Raphael Sivan

Technion - Israel Institute of Technology, Haifa, Haifa District, Israel

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Publications (3)7.24 Total impact

  • Yael Yaniv, Raphael Sivan, Amir Landesberg
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    ABSTRACT: A model of the sarcomeric control of contraction at various loading conditions has to maintain three cardinal features: stability, controllability (where the output can be controlled by the input), and observability (where the output reflects the effects of all the state variables). The suggested model of the sarcomere couples calcium kinetics with cross-bridge (XB) cycling and comprises two feedback mechanisms: (i) the cooperativity, whereby the number of force-generating (strong) XBs determines calcium affinity, regulates XB recruitment, and (ii) the mechanical feedback, whereby shortening velocity determines XBs cycling rate, controls the XBs contractile efficiency. The sarcomere is described by a set of four first-order nonlinear differential equations, utilizing the Matlab's Simulink software. Small oscillatory input was imposed when the state variables trajectories reached a steady state. The linearized state-space representations of the model were calculated for various initial sarcomere lengths. The analysis of the state-space representation validates the controllability and observability of the model. The model has four poles: three at the left side of the complex plane and one integrating pole at the origin. Therefore, the system is marginally stable. The Laplace transform confirms that the state representation is minimal and is therefore observable and controllable. The extension of the model to a multi-sarcomere lattice was explored, and the effects of inhomogeneity and nonuniform activation were described.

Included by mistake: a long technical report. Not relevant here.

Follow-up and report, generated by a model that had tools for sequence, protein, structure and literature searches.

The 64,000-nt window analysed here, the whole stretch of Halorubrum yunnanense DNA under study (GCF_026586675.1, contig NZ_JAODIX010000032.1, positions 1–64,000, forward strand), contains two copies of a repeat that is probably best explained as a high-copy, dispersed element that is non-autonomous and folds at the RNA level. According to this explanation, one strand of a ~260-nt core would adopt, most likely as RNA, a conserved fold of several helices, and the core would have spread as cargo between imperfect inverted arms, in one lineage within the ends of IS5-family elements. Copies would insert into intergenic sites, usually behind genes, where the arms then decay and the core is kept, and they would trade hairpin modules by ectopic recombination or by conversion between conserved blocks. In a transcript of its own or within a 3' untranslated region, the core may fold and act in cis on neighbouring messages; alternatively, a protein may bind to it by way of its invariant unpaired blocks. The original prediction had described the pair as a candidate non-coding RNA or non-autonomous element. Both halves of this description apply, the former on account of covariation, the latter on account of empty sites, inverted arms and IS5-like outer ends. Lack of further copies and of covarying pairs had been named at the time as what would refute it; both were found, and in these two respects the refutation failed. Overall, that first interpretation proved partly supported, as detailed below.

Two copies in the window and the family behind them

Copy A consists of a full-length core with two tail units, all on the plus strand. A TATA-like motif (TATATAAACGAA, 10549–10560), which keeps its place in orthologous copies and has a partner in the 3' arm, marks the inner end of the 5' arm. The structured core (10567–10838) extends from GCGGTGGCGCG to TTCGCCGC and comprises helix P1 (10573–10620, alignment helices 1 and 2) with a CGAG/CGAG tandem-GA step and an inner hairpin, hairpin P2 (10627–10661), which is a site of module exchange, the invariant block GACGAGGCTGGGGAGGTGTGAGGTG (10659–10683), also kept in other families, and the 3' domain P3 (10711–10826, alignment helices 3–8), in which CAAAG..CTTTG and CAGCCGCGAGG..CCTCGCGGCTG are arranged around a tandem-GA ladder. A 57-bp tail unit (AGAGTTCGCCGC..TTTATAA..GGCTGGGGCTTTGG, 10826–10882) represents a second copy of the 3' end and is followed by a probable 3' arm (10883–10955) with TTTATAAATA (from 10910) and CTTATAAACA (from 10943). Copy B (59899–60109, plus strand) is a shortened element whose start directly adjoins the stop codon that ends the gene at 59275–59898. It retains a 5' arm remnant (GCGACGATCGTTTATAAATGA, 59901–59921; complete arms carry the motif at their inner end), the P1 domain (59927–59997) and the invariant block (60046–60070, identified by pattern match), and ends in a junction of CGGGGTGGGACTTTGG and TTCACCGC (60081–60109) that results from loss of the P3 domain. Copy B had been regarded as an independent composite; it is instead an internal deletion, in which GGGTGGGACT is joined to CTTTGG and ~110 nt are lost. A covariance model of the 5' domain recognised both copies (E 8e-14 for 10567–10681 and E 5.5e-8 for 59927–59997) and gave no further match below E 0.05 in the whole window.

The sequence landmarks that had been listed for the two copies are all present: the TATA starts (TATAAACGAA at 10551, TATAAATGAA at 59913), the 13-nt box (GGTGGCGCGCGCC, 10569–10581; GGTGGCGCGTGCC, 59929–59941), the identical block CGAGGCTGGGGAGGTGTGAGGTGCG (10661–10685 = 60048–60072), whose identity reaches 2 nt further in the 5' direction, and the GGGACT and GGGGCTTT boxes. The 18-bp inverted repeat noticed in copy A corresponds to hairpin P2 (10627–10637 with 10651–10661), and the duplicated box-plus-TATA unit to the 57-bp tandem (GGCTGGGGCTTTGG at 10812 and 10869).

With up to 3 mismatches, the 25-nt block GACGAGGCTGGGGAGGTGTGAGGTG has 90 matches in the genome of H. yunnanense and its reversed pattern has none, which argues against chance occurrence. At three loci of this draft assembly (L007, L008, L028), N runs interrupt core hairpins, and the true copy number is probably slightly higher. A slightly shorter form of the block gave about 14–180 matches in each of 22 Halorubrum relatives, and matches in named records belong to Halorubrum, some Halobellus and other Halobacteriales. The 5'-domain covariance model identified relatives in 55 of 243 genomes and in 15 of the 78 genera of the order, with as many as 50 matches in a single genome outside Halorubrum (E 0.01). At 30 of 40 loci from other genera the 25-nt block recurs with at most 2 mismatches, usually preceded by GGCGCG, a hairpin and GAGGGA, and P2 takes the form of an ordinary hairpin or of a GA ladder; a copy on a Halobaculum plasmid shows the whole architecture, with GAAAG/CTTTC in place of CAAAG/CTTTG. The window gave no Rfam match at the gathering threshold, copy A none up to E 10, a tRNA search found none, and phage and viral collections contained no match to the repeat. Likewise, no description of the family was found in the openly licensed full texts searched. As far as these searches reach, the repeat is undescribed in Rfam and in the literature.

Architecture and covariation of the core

Annals of Biomedical Engineering 06/2006; 34(5):778-89. · 3.23 Impact Factor
  • Yael Yaniv, Raphael Sivan, Amir Landesberg
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    ABSTRACT: Analysis of the hystereses in the force-length relationship at constant Ca(2+) concentration and in the force-calcium relationship at constant sarcomere length (SL) provides insight into the mechanisms that control cross-bridge (XB) recruitment. The hystereses are related here to two mechanisms that regulate the number of strong XBs: the cooperativity, whereby the number of strong XBs determines calcium affinity, and the mechanical feedback, whereby the shortening velocity determines the duration for which the XBs are in the strong state. The study simulates the phenomena and defines the role of these feedbacks. The model that couples calcium kinetics with XB cycling was built on Simulink software (Matlab). Counterclockwise (CCW) hysteresis, wherein the force response lags behind the SL oscillations, at a constant calcium level, is obtained in the force-length plane when neglecting the mechanical feedback and accounting only for the cooperativity mechanism. Conversely, the force response precedes the SL oscillations, yielding a clockwise (CW) hysteresis when only the mechanical feedback is allowed to exist. In agreement with experimental observations, either CW or CCW hysteresis is obtained when both feedbacks coexist: CCW hystereses are obtained at low frequencies (<3 Hz), and the direction is reversed to CW at higher frequencies (>3 Hz). The cooperativity dominates at low frequencies and allows the muscle to adapt XB recruitment to slow changes in the loading conditions. The changeover frequency from CCW to CW hysteresis defines the velocity limit above which the muscle absorbs rather than generates energy. The hysteresis in the force-calcium relation is conveniently explained by the same cooperativity mechanism. We propose that a single cooperativity mechanism that depends on the number of strong XBs can explain the hystereses in the force-length as well as in the force-calcium relationships.